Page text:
Students going to school or college is routine, but a 60 year old senior citizen running to a class, books in hand, does kindle some curiosity among onlookers. Like him there are nearly 200 and odd students from 27 years to 75 years who have enlisted for a three year open and distance education course called Bachelor of Farm Technology (BFT) at the Tamil Nadu Agriculture University, Coimbatore.
The course, a six semester schedule, is the brainwave of the Vice Chancellor, Dr. Murugesa Boopathi. Personal experience “Even 10th class school dropouts doing farming in Israel are brilliant. They speak on issues that our PhD scholars are working on. My personal experience during travel made me think of introducing a new course that benefits both the farmer and those desirous of entering farming as a vocation. “Days of planning and discussion among our people resulted in introducing this course that seems to be very popular,” says Dr. Boopathi. This unique course is the first of its kind for any State agricultural university and was introduced in November 2010. Popular course After nearly six months, it turned out to be a much sought after study among retired officials, young entrepreneurs, sales persons, and businessmen, according to Dr. V. Valluvaparidasan, Director, Open and Distance Learning (ODL). “Today, our course draws students from different age groups and from diverse backgrounds.
All share one common dream – to make a difference as a farmer in agriculture,” he says. An 80-year-old farmer, Mr. Anbu Sundaranand from Thirumalayampalayam near Coimbatore, is the oldest student. Better informed “I chose to join this course even after 70 years of farming experience. There seems to be a lot of difference between what I did in the past and what I should do now. I am now able to do farming more precisely as I am equipped with scientific knowledge and guidelines from an expert. I firmly believe that farmers must become aware about the new technologies,” he says. There is a lot of difference between teaching students and farmers. “The older and experienced students, the more pre-determined is the mindset and it takes some time for them to agree on certain things. But we enjoy teaching them because they are eager to learn,” adds Dr. Valluvaparidasan. Dr. K. Singaravelu a retired income tax, official says that before he joined this course he did not know anything about farming. Why the losses “I am now in the second semester and already I am able to understand certain details about why farmers face losses.” “Though many of us may be employed in private jobs, our parents, and brothers are still into agriculture.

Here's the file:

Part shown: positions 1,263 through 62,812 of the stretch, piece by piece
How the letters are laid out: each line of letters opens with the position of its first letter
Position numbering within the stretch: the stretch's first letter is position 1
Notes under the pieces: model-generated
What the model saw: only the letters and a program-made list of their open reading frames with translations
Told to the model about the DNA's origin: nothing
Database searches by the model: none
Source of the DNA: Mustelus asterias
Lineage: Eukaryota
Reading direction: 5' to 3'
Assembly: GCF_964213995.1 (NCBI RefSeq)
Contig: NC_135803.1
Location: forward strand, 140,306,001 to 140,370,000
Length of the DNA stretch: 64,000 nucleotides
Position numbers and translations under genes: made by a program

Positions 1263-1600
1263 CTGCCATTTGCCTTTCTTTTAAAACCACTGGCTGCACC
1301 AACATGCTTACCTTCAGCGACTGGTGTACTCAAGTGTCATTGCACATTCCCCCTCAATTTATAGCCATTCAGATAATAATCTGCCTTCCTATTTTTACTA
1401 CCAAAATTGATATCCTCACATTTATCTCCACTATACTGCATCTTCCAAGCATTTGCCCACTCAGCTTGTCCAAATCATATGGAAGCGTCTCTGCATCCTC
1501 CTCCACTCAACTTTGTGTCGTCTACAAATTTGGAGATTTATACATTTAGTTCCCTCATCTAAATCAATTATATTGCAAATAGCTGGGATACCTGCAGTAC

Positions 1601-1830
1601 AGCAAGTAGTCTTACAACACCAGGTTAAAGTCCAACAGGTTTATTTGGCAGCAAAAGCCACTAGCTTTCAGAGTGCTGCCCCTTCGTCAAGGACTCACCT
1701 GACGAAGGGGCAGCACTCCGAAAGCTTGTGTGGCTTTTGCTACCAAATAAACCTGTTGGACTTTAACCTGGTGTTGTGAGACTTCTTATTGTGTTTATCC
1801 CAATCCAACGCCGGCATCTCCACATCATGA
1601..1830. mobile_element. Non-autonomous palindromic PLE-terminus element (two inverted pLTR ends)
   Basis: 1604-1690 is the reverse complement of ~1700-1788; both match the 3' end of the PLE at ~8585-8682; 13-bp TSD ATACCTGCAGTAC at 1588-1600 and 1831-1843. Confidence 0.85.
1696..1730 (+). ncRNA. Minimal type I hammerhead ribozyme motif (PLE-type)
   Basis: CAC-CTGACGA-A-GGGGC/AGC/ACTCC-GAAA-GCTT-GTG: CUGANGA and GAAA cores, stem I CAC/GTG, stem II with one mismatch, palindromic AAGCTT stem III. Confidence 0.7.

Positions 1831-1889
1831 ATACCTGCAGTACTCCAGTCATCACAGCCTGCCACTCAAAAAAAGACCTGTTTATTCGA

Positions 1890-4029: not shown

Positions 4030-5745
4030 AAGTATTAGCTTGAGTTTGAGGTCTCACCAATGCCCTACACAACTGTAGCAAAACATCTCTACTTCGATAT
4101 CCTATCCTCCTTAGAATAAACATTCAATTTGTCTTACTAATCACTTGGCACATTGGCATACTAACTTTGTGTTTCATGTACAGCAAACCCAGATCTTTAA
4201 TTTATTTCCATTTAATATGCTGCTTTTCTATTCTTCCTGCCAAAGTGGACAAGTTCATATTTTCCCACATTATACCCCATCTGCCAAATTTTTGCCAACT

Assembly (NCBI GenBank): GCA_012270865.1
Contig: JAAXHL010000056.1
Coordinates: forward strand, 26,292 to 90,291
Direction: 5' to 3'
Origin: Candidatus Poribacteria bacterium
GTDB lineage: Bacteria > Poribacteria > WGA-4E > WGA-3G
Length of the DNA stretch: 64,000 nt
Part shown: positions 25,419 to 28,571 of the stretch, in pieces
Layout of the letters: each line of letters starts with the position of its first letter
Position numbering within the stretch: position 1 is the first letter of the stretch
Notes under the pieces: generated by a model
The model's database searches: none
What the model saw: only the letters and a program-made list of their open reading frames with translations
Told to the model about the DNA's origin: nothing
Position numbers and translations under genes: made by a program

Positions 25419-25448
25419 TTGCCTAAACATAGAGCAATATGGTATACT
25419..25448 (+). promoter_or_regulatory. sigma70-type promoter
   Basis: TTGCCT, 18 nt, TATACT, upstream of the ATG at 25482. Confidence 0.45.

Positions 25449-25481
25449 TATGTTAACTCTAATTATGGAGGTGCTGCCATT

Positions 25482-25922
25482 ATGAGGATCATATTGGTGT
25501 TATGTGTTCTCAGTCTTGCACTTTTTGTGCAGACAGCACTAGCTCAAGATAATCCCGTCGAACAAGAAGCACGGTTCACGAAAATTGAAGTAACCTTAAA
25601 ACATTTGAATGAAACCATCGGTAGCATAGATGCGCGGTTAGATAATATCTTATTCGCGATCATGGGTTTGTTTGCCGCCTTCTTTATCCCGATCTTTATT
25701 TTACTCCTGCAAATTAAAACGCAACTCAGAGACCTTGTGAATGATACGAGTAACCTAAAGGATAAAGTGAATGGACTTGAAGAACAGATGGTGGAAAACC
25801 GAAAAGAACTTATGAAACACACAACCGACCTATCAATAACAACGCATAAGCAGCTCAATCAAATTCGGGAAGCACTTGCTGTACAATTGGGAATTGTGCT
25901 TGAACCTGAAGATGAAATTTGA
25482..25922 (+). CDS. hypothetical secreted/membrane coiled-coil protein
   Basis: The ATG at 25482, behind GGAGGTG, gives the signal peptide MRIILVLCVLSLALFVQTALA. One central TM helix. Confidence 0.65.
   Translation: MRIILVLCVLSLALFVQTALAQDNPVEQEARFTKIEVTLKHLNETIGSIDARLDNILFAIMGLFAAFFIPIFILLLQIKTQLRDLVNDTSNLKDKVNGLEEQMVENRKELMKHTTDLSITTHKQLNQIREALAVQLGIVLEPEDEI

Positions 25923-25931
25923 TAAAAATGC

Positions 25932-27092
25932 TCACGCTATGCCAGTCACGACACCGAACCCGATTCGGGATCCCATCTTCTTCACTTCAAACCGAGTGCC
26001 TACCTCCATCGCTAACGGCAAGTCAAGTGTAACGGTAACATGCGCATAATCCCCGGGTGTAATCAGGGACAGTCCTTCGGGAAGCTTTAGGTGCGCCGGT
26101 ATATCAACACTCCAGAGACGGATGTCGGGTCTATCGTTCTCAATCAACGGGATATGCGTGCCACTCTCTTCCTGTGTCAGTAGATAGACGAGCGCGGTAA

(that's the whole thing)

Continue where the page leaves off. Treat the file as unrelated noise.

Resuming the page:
Given a choice we do not want to move away from farming. Being a student of this curriculum now, I am able to ask questions to my labourers about the seeds, inputs and more importantly about the marketing facilities. I no longer simply nod my head for everything they say,” says R. Saravanakumar, a business executive who joined the course recently. According to Dr. Boopathi, there is no age limit for those desirous of joining this study.
A minimum pass percentage in the 10th standard is the eligibility for applying. The course aims to create awareness among people about the many new technologies, crop growing, inputs and subsidies that the Government offers to farmers. In fact there is one paper in the last semester that deals with effective management of labour. Lot of enquiries “This year our University is being flooded with number of enquires about the course. Friends of present students also want to join. We feel immensely happy that we are able to bridge the communication and knowledge gap that existed between farmers and those interested in the sector by this new course,” says Dr. Boopathi.